There is seemingly no end to the superficiality of today’s postmodern art and the cravenness of those fame seekers who create it. In 2003 BritArt movement superstars Jake and Dinos Chapman purchased a suite of Goya’s celebrated antiwar etchings, Disasters of War, and in a gesture supposedly meant to lay bare the inadequacy of art as protest, defaced the set of 80 prints by drawing cartoon faces of clowns and puppies on them.
At the time art critic Robert Hughes said the works of Goya “will obviously survive these twerps, whose names will be forgotten a few years from now.” That was five years ago and sorry to say, we are still hearing about the Chapmans and their ilk. I’m loathe to mention them at all, save for the fact that they unfortunately represent a large portion of today’s art world, which needs to be emphatically criticized at every opportunity.
The Chapmans have once again placed themselves in the spotlight with their latest publicity stunt, the despoilment of thirteen actual watercolor paintings by Adolf Hitler, upon which they painted smiley faces, rainbows, psychedelic flowers and stars. Calling the suite of defaced artworks, If Hitler Had Been a Hippy How Happy Would We Be, Jake Chapman was quoted in The Guardian as having said, “If hell exists and Hitler is there, I think he is turning in his grave.” An infantile razz aimed at a long dead and despised mass-murderer hardly makes for insightful and profound art, let alone a passable joke.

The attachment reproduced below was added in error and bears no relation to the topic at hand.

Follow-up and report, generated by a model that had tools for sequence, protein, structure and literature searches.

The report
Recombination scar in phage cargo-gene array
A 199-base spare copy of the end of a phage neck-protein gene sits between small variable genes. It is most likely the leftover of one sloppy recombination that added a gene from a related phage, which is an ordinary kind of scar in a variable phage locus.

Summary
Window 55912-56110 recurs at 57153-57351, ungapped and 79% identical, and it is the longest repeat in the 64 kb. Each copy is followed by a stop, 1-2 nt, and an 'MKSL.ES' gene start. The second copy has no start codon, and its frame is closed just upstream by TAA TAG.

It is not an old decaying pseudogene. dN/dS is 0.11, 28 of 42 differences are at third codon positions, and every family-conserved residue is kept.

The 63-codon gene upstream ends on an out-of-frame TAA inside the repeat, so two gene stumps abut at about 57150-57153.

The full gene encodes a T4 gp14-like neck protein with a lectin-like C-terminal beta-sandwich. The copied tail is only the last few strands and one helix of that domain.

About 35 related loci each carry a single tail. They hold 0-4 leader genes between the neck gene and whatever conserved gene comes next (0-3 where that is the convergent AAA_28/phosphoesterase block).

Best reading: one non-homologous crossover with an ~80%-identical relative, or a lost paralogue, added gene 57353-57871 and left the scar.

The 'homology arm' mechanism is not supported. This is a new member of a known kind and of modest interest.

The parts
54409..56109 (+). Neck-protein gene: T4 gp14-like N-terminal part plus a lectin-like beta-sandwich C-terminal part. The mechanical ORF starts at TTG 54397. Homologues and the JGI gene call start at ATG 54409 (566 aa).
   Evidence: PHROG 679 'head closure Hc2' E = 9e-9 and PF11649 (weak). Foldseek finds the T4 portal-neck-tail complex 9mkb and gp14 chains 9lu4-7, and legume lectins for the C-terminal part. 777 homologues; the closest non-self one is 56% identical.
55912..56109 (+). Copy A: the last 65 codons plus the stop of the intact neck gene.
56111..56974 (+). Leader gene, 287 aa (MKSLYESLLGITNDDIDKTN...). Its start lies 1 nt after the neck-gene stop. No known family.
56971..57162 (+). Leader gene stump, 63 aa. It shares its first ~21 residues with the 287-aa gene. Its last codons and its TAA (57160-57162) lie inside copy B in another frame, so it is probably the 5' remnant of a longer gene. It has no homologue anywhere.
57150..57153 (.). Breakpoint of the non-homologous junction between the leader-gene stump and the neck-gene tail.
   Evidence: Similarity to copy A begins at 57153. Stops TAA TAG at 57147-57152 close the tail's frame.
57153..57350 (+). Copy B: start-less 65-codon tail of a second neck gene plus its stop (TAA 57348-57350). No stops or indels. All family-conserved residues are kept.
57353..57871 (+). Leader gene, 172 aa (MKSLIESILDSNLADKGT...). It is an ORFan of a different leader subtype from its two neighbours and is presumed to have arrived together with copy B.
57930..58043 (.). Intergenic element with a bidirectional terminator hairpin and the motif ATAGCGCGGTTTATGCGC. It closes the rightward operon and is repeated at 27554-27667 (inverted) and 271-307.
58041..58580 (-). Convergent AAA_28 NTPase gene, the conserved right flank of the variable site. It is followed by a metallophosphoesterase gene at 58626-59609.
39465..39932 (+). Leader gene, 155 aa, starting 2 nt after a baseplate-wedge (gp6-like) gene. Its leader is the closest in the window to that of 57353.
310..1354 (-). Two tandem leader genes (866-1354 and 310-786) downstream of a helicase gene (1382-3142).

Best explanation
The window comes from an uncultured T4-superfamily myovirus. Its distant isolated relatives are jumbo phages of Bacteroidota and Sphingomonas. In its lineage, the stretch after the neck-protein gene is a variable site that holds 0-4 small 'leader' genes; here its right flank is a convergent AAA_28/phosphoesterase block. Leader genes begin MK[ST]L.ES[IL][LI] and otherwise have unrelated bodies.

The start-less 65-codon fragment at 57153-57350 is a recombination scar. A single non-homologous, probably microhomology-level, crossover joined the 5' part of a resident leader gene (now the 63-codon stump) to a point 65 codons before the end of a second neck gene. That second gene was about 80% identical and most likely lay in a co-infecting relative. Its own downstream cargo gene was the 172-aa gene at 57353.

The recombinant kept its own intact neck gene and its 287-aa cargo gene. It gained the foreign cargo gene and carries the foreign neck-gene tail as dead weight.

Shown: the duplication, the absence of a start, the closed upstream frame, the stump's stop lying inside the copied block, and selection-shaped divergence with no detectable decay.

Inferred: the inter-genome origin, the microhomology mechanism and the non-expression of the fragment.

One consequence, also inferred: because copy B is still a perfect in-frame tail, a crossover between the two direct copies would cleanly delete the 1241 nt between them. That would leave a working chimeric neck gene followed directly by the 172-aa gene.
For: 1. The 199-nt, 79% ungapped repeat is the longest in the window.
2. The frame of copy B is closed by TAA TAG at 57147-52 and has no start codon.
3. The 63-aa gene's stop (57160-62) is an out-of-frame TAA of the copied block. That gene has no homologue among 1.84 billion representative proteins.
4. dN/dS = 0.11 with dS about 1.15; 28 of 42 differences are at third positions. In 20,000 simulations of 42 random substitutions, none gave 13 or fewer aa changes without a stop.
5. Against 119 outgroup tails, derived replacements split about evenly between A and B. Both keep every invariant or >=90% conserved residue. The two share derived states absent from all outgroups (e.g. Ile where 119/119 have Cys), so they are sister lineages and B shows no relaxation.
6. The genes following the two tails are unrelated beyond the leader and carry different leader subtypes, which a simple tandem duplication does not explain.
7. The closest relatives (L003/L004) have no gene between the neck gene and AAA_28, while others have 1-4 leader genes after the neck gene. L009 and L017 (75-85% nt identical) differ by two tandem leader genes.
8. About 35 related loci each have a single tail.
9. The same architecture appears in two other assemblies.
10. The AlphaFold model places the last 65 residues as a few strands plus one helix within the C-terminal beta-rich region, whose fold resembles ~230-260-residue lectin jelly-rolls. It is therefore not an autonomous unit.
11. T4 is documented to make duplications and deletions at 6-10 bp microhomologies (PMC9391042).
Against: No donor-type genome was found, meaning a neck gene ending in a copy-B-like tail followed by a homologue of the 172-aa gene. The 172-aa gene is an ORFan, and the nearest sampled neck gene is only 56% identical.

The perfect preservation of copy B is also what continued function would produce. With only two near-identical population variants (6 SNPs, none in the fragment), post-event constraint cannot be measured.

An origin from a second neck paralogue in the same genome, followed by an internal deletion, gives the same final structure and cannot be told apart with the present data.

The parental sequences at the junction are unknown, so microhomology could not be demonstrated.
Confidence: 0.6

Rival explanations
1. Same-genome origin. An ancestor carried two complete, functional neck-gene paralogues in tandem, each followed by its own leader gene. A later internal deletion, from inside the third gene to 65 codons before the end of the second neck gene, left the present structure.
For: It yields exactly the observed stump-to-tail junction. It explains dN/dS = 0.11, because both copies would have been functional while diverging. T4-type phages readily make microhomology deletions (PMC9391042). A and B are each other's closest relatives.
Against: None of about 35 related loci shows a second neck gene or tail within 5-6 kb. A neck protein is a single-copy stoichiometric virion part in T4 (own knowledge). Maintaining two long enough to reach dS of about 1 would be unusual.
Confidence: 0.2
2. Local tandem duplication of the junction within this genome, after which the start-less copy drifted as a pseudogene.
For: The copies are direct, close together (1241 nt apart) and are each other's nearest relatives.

Rather than a keen examination into the forces behind the rise of fascism, the Chapmans give us slapstick. Instead of investigating the links between the totalitarianism of the past and the despotism of today, the Chapmans deliver a gesture akin to the 1942 satirical recording by Spike Jones & the City Slickers, Der Fuehrer’s Face. At least the effort of Spike Jones and company had some relevancy in its day, while still being recognized for what it was, a trifling lowbrow joke.
But postmodernism has obliterated the idea of high art and replaced it with the vulgarities of lowbrow. We are all cretins now. Weight, consequence, and meaning have little to do with the works of the Chapmans and their postmodernist cohorts, who think it is a clever thing to erase and otherwise rewrite history. As objets d’art Hitler’s paintings have little worth, but as historical artifacts they are a window into a dark past that we can not afford to trivialize or forget.
Artist Charles Tomson, co-founder of The Stuckist/Remodernist art movement and an implacable foe of postmodernism, offers us further elucidation regarding the Chapman/Hitler controversy in an article he wrote for CounterPunch.